In the beginning, there was just a church and a vision.
When Roy Gillis began his "streaming adventure," he was simply using a pair of webcams and vMix to live stream his local church service. Over time, this transitioned into local journalism, sharing video stories from his community as part of the platform Waco is Live and its sports channel, Centex Sports Network.
As his streaming adventure broadened, so did his hopes for what it could become. Over the past three years, Waco is Live has steadily improved its production, upgrading its video and audio quality along the way.
Yet even with the improved quality, they still felt they needed to add something to their presentation to improve their messaging and really differentiate themselves from the crowd. And they had a clear image in their minds of what that looked like.
"For us the trend setters are media giants like ESPN," said Gillis. "Their creative graphics are absolutely amazing, constantly changing presentations while providing constant news (and) informational updates."
With that paragon in mind, Gillis knew the production qualities he was striving to reach with Waco is Live. All he needed was the right tool.
But for an independent community news service, achieving a similar result without similar funding created a formidable obstacle. While they were able to steadily improve their video and audio quality, the price point of a broadcast-quality graphics system remained a hindrance.
"This is something we have always wanted but it appeared that this type of technology was not available at a price point affordable for us," said Gillis.
As an alternative, they tried using some Adobe Suite products to serve as graphics, but found that workflow and platform didn't offer the level of flexibility they wanted for a live streaming environment. Gillis also tried using the built-in graphics package included in their encoding software, but noticed a "distinct difference between what we produced in terms of graphics and what the big boys produced."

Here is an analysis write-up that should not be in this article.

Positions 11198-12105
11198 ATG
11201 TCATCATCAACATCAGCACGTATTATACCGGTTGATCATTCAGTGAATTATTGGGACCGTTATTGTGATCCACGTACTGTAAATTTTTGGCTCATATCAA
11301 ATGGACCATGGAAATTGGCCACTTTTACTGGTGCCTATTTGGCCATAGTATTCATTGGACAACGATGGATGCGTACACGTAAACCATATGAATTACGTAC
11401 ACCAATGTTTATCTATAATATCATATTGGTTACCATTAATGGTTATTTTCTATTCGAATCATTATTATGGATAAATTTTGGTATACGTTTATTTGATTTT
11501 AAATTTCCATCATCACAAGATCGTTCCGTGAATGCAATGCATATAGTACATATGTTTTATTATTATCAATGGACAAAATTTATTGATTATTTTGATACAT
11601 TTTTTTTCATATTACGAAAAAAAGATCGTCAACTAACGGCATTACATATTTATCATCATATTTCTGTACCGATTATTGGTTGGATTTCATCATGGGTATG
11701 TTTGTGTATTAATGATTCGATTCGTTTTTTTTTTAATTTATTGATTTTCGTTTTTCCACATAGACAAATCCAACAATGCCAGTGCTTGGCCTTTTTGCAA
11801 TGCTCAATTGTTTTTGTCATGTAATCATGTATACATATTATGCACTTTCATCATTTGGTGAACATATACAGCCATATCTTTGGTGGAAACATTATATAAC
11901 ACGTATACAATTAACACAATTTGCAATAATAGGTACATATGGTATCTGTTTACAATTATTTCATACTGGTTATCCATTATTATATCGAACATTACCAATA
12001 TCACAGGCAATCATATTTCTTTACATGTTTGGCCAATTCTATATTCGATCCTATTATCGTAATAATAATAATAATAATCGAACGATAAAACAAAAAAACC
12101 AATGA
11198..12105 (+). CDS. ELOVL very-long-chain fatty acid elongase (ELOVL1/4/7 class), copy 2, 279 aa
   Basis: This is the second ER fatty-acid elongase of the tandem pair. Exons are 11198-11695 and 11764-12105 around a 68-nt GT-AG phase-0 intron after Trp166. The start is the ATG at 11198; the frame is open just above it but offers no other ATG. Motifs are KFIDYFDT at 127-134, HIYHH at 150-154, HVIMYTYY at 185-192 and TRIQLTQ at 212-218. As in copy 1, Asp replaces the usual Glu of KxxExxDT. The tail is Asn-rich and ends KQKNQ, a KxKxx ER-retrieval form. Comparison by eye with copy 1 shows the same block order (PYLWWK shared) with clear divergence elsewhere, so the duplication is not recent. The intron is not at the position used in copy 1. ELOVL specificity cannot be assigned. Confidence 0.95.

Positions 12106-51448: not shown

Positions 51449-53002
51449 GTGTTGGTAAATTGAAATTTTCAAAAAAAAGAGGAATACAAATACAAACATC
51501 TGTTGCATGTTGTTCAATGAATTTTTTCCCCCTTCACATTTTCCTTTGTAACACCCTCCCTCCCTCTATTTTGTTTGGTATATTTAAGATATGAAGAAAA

Then, a breakthrough.
Gillis discovered a web overlays platform that was budget-friendly and capable of creating the same graphics he saw on ESPN.
On paper, it seemed like a viable solution. Then they got their hands on the platform to see for themselves.
"After watching some of the videos and test driving the product from a live stream producer standpoint, we instantly knew this was a game changer," said Gillis.
The flexibility that was lacking with other products was gone. Instead, Singular swung the pendulum the other direction, allowing for some "very out of the box workflows," said Gillis.
In their sports live streams, while a producer controls the scoreboard using vMix, Gillis is able to control the live Singular overlays separately from a different location, thanks to Singular's cloud-based workflow. This remote operation not only took responsibility off the on-site producer's plate, it also allowed Gillis the ability to control overlays for multiple live stream events simultaneously.
With the added functionality and presentation quality provided by Singular, Gillis' vision has begun to come to fruition. Able to match the demand of sports viewers for ESPN-level content, he's seen Centex Sports Network grow from live streaming little league baseball to now hosting streams of high school and junior college athletics. Gillis credits Singular with helping bridge the gap in quality between Waco is Live and the broadcast giants he sought to emulate.
"Singular's graphics are second to none, in our opinion, and have leveled the playing field somewhat."
While ESPN still has the bigger budget, Waco is Live and Centex Sports Network finally felt they could deliver the broadcast presentation that they had envisioned from the start. But Gillis isn't done dreaming.
"I really feel like we are only scratching the surface at this point and hope to grow with Singular.live."